When times are tough companies most often turn to employee layoffs as a solution to high staff costs not supported by revenue.
Research by Christopher Stanton found that if a company cuts pay for the employees the best performers are the first to leave, most often joining the competitor. Whereas those who choose to handle the downturn through lowering headcount have greater control over who stays and who goes, in turn, they have power over retaining their best performers.
In an experiment done to observe the effects of a pay cut on employee retention in a sales department, researchers observed sales agents working at a call center. Commission was lowered down to 18% and the company had a significant decrease in sales as high performers left at a 28% faster rate than average performers in the following months.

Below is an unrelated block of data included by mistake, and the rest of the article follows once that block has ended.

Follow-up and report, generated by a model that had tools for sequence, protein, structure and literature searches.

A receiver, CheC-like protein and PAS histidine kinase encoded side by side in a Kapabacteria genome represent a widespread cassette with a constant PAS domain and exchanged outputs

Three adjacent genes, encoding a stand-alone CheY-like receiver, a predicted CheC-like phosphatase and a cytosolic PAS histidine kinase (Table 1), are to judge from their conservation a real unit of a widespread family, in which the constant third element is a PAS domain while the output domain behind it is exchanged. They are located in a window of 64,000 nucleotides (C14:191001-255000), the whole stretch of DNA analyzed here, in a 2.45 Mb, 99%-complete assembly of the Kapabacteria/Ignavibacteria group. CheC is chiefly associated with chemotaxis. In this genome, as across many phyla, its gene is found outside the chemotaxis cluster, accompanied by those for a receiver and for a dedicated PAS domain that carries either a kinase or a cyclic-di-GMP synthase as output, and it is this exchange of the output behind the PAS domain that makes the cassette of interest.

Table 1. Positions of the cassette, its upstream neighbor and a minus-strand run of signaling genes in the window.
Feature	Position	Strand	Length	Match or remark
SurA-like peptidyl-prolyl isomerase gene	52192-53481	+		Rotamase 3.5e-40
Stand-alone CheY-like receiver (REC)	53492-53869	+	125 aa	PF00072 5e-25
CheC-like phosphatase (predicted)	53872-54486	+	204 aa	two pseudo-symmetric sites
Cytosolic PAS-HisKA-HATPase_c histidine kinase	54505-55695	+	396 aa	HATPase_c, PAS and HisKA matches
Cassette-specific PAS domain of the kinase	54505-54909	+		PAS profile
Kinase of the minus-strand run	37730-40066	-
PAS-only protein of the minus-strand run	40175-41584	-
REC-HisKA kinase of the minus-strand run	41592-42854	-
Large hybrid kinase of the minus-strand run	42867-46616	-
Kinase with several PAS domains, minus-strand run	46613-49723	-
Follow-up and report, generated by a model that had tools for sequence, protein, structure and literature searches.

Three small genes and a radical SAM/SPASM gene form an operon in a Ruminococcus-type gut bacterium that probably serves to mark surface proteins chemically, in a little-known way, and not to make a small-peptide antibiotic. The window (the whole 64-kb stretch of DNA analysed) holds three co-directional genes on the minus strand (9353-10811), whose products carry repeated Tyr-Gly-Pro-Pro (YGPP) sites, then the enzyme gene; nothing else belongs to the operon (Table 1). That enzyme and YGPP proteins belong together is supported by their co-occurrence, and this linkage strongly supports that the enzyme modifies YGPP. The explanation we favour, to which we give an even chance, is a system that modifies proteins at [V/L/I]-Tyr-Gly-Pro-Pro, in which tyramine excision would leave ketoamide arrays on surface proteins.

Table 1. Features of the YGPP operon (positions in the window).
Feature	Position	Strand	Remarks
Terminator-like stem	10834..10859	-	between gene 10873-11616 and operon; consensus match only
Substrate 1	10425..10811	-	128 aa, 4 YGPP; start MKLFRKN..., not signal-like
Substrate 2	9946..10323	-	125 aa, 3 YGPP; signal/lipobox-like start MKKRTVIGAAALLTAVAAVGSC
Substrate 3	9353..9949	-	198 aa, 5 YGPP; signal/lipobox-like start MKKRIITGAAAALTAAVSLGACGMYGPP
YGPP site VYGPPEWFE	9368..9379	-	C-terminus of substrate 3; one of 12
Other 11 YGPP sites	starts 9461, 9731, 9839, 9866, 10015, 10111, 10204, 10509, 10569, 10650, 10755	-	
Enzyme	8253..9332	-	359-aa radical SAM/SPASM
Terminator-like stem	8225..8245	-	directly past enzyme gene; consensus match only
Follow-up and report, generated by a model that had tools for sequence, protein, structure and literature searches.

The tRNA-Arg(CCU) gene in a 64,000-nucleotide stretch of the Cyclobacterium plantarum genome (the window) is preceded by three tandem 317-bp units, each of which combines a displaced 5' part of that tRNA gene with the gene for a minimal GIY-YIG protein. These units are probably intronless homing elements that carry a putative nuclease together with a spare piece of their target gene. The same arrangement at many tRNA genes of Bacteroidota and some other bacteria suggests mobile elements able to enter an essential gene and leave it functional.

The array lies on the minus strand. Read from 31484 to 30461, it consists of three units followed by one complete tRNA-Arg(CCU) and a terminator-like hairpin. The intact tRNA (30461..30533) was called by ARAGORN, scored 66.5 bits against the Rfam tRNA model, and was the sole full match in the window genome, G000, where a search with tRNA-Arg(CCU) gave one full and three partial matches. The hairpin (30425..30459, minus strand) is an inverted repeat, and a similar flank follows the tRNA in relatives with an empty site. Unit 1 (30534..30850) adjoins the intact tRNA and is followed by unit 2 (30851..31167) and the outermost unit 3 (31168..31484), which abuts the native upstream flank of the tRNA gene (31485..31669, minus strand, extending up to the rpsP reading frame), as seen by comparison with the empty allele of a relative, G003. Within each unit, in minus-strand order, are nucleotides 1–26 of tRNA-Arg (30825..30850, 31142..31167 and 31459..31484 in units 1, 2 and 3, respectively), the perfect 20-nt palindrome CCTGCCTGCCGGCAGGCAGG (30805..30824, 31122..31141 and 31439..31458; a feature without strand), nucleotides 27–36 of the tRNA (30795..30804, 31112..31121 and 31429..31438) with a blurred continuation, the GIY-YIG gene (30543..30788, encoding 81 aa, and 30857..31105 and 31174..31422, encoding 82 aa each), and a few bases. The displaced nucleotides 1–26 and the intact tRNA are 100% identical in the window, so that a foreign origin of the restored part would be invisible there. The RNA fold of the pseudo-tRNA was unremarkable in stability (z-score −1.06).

Once a company has hit a rough patch one solution may be to examine those employees who are most likely to leave and cut their commission by a lower percentage than the rest of the team. In this way, costs are saved whilst at the same time keeping in your best performers because for the employee, the decision to leave is based on their chances of getting another job and for top performers, this is the least of their worries. Not only does a salary cut result in losing top performers, but the employees that do stay behind are also most often left demoralized which harms productivity.
A critical factor that may determine the decision the company should make is how widespread the economic downturn is? If one company is going through turmoil and they cut salaries whilst their competitors are doing well, it is most likely that employees will leave whereas in a case where there is a nationwide recession an employer will most likely retain staff if they choose to cut salaries rather than
Munodiwa Zvemhara is a consultant at Industrial Psychology Consultants (Pvt) Ltd a management and human resources consulting firm.